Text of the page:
That’s why the queer student group was really important to me at the time. I needed people to talk to, people I didn’t know very well, and people who talked about sex a lot. Usually these are precisely the reasons aces hesitate to participate in queer groups–because they don’t know anyone and there’s too much sex talk. But for me, that was what I needed.

It’s a paradox, not wanting to talk about sexuality, but needing to talk about it. Has anyone here had similar experiences?

About Siggy

Siggy is an ace activist based in the U.S. He is gay gray-A, and has a Ph.D. in physics. He has another blog where he also talks about math, philosophy, godlessness, and social criticism. His other hobbies include board games and origami.
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13 Responses to Sex talk mental block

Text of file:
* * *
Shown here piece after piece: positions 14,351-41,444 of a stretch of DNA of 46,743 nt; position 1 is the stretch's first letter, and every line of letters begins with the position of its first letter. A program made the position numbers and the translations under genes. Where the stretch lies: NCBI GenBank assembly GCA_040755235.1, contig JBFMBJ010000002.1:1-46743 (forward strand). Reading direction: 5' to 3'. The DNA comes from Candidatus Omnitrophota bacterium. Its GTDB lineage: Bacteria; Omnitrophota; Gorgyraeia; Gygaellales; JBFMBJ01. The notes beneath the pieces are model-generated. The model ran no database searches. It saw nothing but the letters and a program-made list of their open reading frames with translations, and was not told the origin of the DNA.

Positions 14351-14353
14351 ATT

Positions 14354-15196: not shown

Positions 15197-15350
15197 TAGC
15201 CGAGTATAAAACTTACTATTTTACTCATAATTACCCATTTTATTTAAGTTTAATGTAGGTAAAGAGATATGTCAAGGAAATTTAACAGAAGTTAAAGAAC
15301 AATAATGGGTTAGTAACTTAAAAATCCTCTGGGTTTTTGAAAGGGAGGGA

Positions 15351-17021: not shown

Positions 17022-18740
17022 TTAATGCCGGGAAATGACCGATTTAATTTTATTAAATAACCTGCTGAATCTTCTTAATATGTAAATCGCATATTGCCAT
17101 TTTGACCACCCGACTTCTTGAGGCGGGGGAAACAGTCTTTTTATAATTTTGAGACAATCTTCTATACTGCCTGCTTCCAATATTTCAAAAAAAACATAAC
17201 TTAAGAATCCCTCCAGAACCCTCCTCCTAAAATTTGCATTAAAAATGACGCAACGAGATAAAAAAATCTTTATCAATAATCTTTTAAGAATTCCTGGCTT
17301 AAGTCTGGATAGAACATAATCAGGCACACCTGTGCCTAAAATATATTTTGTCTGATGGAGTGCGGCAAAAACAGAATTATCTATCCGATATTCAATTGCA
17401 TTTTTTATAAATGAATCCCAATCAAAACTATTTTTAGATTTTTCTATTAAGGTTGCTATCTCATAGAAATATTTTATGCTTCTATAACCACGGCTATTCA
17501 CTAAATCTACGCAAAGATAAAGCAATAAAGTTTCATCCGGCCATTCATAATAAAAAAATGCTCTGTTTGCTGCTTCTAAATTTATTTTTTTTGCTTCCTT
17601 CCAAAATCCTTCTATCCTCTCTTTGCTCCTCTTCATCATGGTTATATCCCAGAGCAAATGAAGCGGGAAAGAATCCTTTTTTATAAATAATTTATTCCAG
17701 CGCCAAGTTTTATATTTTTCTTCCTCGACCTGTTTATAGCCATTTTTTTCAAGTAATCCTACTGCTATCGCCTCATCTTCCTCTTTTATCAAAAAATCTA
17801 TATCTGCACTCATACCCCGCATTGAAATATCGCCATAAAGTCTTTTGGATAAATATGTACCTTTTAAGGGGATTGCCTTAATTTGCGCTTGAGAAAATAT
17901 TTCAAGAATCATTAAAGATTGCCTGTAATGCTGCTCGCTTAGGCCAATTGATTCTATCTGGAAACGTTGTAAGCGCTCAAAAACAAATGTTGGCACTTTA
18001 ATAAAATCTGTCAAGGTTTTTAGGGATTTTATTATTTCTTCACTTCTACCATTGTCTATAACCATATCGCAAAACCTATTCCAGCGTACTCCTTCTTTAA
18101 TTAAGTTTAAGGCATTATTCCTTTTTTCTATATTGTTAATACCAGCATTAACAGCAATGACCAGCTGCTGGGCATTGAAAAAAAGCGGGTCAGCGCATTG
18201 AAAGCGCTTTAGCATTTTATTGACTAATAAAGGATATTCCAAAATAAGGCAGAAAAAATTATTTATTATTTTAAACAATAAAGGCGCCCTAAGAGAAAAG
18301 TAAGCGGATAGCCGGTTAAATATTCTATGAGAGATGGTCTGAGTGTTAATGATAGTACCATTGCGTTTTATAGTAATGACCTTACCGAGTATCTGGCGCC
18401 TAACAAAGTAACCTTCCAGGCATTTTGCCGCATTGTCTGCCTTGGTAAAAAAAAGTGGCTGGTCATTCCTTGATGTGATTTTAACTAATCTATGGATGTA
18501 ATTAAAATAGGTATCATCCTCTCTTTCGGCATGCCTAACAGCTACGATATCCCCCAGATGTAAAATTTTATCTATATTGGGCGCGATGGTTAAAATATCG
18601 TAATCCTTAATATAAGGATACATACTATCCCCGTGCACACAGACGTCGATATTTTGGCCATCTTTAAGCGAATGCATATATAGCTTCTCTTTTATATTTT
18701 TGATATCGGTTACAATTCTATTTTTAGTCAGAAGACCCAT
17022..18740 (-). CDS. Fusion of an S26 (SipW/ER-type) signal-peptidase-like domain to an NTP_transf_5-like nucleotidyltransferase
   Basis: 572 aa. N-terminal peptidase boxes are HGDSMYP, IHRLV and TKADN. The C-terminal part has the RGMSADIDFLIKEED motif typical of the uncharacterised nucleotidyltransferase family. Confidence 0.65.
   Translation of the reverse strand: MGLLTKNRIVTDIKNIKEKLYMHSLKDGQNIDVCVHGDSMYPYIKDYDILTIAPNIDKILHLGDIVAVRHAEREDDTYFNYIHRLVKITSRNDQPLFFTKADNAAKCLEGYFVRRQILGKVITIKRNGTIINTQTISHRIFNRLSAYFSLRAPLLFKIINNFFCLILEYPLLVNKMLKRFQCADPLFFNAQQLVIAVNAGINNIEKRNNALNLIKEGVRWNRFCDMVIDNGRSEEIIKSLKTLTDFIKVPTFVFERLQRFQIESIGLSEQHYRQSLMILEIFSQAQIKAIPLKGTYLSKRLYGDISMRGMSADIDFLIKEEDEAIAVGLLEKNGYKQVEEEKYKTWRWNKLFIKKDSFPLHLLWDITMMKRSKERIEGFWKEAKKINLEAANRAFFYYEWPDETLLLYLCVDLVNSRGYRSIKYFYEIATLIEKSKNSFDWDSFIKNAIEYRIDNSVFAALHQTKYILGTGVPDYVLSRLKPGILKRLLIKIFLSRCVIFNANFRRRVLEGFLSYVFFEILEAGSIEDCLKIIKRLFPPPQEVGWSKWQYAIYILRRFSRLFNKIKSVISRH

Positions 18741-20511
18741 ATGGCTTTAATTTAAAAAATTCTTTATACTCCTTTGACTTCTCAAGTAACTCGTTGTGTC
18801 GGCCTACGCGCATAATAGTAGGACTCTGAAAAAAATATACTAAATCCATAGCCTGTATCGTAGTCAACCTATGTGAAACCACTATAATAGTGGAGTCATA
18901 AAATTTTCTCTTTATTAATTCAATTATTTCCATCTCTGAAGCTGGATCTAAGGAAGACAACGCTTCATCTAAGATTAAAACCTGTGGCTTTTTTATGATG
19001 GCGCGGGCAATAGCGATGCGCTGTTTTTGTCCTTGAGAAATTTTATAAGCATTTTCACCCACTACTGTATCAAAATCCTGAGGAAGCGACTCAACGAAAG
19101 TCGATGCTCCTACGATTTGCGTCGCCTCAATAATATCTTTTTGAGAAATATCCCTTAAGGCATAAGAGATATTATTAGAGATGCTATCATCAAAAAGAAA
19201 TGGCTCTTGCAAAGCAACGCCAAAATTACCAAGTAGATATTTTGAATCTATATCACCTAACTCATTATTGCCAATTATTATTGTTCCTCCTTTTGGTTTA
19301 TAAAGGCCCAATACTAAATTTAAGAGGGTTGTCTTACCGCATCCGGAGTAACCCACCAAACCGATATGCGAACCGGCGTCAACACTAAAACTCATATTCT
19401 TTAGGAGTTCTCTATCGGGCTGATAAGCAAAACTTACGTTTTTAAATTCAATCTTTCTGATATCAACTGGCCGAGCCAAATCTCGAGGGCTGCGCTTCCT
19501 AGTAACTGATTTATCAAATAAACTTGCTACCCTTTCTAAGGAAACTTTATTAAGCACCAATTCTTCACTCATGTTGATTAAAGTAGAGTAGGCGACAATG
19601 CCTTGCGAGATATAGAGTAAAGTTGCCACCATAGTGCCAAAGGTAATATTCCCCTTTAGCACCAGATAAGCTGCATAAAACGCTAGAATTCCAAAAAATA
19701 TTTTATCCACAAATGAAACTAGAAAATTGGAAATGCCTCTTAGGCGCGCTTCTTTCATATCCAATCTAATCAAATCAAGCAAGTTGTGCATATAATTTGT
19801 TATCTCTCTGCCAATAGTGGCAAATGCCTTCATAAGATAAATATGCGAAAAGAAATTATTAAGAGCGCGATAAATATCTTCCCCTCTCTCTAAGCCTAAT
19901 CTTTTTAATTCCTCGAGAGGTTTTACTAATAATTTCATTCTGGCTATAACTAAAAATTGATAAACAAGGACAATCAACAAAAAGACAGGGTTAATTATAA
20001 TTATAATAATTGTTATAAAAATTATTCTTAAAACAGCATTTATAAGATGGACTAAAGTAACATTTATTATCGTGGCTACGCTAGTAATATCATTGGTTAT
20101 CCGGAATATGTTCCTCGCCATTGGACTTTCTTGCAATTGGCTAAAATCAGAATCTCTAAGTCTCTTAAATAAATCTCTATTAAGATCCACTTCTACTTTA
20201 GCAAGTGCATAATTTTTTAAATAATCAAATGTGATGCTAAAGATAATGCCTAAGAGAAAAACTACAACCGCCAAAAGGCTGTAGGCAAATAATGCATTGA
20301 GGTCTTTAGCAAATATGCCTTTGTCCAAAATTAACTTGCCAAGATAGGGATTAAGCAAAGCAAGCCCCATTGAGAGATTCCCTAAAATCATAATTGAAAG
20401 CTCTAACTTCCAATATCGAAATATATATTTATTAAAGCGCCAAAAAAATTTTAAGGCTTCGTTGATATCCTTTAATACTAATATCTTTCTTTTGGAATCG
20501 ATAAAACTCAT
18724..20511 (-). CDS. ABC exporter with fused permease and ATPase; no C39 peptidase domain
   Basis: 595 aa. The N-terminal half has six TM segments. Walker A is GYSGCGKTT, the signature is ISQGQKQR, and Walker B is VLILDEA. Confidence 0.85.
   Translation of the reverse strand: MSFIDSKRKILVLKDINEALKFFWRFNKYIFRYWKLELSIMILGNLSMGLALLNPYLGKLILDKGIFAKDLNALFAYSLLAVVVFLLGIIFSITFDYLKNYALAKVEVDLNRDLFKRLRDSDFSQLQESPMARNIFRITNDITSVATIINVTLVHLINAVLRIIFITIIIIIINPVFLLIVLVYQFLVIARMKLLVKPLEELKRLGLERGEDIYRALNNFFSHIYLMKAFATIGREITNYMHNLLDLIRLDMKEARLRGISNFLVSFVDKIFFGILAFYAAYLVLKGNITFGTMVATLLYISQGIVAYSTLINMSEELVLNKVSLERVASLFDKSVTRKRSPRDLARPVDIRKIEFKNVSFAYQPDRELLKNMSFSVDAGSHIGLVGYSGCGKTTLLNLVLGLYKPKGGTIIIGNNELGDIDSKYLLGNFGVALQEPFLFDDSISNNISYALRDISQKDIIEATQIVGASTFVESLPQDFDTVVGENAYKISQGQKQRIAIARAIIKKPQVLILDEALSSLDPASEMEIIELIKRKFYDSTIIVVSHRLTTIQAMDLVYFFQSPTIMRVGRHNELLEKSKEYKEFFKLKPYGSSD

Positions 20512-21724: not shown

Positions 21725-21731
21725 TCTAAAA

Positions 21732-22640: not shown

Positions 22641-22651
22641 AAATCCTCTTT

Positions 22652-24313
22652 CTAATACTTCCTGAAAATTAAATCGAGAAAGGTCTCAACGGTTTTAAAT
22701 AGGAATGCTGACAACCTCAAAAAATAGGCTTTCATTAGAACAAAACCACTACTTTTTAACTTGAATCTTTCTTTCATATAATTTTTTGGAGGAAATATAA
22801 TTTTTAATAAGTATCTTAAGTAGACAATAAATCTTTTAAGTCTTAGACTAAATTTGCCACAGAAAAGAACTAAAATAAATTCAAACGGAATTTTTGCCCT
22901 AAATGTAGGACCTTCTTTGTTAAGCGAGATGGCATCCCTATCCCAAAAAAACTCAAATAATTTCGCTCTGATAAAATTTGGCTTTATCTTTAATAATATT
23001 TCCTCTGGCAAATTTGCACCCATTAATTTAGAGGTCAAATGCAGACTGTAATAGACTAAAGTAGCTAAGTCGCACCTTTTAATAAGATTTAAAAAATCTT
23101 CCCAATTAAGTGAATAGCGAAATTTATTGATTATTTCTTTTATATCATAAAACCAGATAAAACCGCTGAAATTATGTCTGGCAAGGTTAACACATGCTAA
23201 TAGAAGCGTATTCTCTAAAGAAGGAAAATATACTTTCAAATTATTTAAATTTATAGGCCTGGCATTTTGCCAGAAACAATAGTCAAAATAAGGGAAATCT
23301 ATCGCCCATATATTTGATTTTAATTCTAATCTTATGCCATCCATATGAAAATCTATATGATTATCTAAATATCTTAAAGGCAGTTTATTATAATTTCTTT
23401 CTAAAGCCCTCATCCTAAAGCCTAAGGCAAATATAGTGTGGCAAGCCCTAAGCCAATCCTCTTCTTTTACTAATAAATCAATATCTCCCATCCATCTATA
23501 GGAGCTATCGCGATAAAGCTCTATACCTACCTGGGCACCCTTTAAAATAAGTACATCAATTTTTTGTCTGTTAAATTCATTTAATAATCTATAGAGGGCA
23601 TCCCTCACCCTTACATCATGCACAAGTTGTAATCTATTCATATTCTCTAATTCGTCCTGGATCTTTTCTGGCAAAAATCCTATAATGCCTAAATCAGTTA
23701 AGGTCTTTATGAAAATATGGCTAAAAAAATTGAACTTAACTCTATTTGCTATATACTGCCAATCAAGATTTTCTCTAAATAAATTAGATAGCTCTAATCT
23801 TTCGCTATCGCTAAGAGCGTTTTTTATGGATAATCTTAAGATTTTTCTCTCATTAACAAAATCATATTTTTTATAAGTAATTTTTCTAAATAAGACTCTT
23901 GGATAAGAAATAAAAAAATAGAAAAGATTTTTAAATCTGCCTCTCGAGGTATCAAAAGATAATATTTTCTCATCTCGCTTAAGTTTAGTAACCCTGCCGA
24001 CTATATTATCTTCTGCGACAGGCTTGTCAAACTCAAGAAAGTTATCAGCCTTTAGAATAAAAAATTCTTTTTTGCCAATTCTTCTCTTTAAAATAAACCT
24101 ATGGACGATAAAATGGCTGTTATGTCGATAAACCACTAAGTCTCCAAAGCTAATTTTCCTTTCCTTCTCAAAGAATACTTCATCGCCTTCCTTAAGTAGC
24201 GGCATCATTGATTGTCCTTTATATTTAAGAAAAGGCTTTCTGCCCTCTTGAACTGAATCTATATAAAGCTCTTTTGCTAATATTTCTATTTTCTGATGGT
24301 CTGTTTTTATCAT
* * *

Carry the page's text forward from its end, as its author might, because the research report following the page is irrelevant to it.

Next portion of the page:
1. Yeah. I build up a completely non-sexual image with people around me. But it’s not entirely true. In my case though my image is deliberate due to sex-aversion…uncomfortable doesn’t quite cover how I feel if people associate sexual things with me. The ace community is nice to talk about sexual topics (mostly) without the kind of sex-normative assumptions I might get discussing things elsewhere.

  2. queenieofaces says:

    I’ve written about this before, but I got a lot more comfortable talking about sex once I realized asexuality and not having sex was an option. Part of that is that the way I talk about sex tends to be really clinical, which throws people for a loop if they don’t know that I’m ace. In general, I tend not to want to talk about sex around people who don’t know I’m ace because they expect me to talk about it in a certain way or have certain feelings about sex, and that’s not happening.

    • Sciatrix says:

      In general, I tend not to want to talk about sex around people who don’t know I’m ace because they expect me to talk about it in a certain way or have certain feelings about sex, and that’s not happening.